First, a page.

How they got it Wrong
In the wake of the fourth wave of feminism and the Times Up movement, it has been a fantastic two years for women, especially in the workplace. Today, every single business organization is looking to hire minority staff. This has become extremely popular in the film industry, mostly due to the popularity and translucent nature of the business. Today, we are seeing a surge of diversity in directors of television and feature films. This was shown last year with Patty Jenkin’s Wonder Woman which was a “swiftly moving, convincing and legible — and often dazzling [film] to look at” and as of today, has made $412 million domestically. This success only helps minority directors secure jobs. Since Wonder Woman, there has been a huge increase in the number of female directors securing studio jobs, which is celebrated as it lowers the male to female ratio in Hollywood. But are these women the right people for the job?
Within Hollywood, the number one criticism has been for more diverse directors. During every red carpet, actresses are demanding that there should be more directors, especially female directors. Hollywood even used one of last year’s most successful films Lady Bird, written and directed by 35 year-old Greta Gerwig, as an example. Lady Bird was loved by everyone in the film community and now Gerwig is currently directing her next project, a remake of Little Woman. Lady Bird currently has a 99% on Rotten Tomatoes and if a critic doesn’t like the film, they’re considered sexist because of Gerwig’s gender. But what if the critic isn’t sexist and simply didn’t like the film?
The issue isn’t that there is a lack of female directors in compsariosn to male directors (which Hollywood is trying to fix) or that female directors aren’t being given the chance to direct big studio moves. It’s that the jobs female directors are getting within the studio world all have one thing in common: all of the films are about women. For some reason, Hollywood has understood feminism as women telling stories only about women. Meaning that Hollywood producers (who are mostly men) think that in order for a film about a woman to be good, particularly an action movie, the film must be directed by a woman. If not, it will be unsuccessful and sexist. Producers have taken in the feminist movement by providing women more roles behind the camera, it just that these roles are only available in films that center around women, which is still sexist. It started with Jenkins’s Wonder Woman and now the trend is continuing as all major Hollywood studios are only hiring women to direct (action) movies about women.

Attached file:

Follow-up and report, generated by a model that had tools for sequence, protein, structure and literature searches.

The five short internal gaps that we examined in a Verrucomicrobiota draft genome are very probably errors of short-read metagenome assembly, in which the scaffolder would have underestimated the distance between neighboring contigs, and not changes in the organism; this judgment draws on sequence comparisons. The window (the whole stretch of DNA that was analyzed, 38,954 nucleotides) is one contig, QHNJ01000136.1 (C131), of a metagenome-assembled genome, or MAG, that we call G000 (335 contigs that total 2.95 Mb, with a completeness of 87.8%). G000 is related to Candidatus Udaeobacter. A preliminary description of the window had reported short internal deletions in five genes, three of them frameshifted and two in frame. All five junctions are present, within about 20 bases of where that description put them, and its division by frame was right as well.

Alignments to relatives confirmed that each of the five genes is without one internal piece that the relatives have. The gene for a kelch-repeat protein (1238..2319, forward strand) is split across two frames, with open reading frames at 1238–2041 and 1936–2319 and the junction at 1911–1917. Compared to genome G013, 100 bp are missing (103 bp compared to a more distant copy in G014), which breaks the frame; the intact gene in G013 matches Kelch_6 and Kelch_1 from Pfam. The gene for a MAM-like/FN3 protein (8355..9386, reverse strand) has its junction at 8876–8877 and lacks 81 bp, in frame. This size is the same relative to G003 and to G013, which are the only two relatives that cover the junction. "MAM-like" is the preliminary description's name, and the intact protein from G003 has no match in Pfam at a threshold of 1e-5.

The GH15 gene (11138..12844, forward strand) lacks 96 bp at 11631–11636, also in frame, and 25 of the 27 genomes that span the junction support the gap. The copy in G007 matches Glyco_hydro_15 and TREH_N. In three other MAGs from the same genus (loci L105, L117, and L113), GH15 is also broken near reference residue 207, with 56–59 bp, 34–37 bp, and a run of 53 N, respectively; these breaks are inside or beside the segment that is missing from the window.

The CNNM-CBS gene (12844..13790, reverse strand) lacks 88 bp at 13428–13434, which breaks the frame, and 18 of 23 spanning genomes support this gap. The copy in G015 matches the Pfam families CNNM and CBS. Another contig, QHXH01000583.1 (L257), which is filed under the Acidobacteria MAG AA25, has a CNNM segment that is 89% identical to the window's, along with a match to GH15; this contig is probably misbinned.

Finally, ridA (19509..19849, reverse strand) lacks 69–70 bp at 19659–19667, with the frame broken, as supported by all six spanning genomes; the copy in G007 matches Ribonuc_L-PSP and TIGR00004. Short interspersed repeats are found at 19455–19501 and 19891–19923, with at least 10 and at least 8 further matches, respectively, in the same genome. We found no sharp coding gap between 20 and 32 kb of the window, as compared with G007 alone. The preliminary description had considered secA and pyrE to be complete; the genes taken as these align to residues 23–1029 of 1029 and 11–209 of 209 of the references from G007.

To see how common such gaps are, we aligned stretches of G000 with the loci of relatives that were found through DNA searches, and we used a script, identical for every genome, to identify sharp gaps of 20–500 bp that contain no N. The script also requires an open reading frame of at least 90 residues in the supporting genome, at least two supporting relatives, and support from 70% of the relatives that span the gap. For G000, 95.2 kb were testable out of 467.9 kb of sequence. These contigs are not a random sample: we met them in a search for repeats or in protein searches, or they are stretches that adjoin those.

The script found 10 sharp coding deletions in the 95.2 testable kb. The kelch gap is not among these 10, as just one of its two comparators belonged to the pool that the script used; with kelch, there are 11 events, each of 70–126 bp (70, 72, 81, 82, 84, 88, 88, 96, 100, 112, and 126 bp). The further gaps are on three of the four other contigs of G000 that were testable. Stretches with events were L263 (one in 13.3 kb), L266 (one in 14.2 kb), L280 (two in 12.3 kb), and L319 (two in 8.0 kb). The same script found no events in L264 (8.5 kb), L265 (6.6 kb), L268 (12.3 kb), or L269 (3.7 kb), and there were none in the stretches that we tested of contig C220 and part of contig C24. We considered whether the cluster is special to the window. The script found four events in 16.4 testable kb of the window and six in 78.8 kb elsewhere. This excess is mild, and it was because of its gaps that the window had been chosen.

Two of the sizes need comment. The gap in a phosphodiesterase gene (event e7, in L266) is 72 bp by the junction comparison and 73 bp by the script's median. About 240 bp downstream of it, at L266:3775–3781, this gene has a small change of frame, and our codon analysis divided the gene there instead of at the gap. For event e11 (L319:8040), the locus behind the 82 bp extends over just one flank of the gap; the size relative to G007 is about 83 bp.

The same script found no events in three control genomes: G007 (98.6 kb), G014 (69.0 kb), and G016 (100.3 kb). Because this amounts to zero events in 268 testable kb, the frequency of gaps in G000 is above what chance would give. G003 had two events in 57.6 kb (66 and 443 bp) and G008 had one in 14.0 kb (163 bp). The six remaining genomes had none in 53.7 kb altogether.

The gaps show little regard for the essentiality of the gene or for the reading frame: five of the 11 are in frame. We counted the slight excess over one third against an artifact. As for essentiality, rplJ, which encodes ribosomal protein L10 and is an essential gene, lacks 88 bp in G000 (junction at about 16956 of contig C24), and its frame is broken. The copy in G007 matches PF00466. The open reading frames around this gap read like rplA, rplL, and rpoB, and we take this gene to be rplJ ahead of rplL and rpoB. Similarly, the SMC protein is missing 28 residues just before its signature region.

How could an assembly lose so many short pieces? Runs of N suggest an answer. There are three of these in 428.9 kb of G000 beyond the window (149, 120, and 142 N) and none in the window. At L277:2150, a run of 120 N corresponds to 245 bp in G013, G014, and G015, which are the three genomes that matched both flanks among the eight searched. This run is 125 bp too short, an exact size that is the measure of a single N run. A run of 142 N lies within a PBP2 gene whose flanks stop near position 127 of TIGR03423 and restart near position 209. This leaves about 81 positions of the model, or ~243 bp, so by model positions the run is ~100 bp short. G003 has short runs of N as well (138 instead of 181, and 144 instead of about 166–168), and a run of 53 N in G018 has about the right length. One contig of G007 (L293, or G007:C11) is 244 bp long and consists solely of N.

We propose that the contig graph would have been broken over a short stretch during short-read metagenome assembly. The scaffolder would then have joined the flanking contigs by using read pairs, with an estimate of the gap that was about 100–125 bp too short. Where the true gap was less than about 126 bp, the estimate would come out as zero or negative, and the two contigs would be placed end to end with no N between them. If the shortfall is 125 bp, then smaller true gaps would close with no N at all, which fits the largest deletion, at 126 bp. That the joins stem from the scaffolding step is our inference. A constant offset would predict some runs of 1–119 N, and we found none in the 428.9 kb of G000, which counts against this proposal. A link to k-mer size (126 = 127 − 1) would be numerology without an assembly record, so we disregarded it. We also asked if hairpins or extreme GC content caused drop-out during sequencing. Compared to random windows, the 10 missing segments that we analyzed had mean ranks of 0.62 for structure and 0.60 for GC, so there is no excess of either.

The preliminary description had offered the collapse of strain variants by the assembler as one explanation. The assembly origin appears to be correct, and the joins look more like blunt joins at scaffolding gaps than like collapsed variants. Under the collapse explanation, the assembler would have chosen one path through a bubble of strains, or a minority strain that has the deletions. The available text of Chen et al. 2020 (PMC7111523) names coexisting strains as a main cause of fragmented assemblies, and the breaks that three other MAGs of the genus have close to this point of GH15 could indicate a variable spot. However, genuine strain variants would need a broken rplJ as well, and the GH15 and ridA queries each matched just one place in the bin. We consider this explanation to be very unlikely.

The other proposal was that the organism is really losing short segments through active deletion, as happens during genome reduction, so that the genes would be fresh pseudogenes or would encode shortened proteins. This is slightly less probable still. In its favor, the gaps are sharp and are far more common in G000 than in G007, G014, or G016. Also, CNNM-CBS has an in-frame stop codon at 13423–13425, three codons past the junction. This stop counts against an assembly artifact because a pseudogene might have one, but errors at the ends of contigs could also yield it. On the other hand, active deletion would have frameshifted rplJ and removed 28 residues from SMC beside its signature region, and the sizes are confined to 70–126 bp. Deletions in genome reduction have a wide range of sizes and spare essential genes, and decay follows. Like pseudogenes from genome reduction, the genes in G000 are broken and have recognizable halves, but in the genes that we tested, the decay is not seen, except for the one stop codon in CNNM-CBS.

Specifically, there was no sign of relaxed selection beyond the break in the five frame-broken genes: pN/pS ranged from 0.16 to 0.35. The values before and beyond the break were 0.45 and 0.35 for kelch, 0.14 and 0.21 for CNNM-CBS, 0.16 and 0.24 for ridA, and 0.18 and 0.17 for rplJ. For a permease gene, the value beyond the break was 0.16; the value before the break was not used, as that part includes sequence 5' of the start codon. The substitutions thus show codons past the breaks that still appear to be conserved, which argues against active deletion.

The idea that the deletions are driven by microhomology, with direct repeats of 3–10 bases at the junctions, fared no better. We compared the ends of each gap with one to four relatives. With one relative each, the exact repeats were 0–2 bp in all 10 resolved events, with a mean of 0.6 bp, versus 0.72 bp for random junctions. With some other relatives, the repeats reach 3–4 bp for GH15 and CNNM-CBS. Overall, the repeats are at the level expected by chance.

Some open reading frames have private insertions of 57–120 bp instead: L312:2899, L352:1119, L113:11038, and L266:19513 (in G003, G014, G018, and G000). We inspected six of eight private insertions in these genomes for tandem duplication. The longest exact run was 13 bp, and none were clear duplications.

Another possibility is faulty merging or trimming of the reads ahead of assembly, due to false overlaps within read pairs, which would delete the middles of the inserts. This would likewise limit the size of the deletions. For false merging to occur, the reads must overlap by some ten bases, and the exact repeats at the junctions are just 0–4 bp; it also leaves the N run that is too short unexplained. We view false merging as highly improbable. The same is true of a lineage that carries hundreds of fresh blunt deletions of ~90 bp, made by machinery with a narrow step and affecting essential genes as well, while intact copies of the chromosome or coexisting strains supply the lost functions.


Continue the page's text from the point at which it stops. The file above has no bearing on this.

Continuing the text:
This summer, Cate Shorthand was hired to direct the Black Widow movie for Disney while Cathy Yan will direct Warner Brother’s Birds of Prey, a movie that centers around Harley Quinn, Huntress, and Black Canary. All of whom are woman. Again, for Disney, Mulan by will be directed by Niki Caro, and A Wrinkle in Time was directed by Ava DuVernay. Currently, the remake of Charlie’s Angels is being directed by Elizabeth Banks for Sony Pictures. I can go on forever but I think you get the point.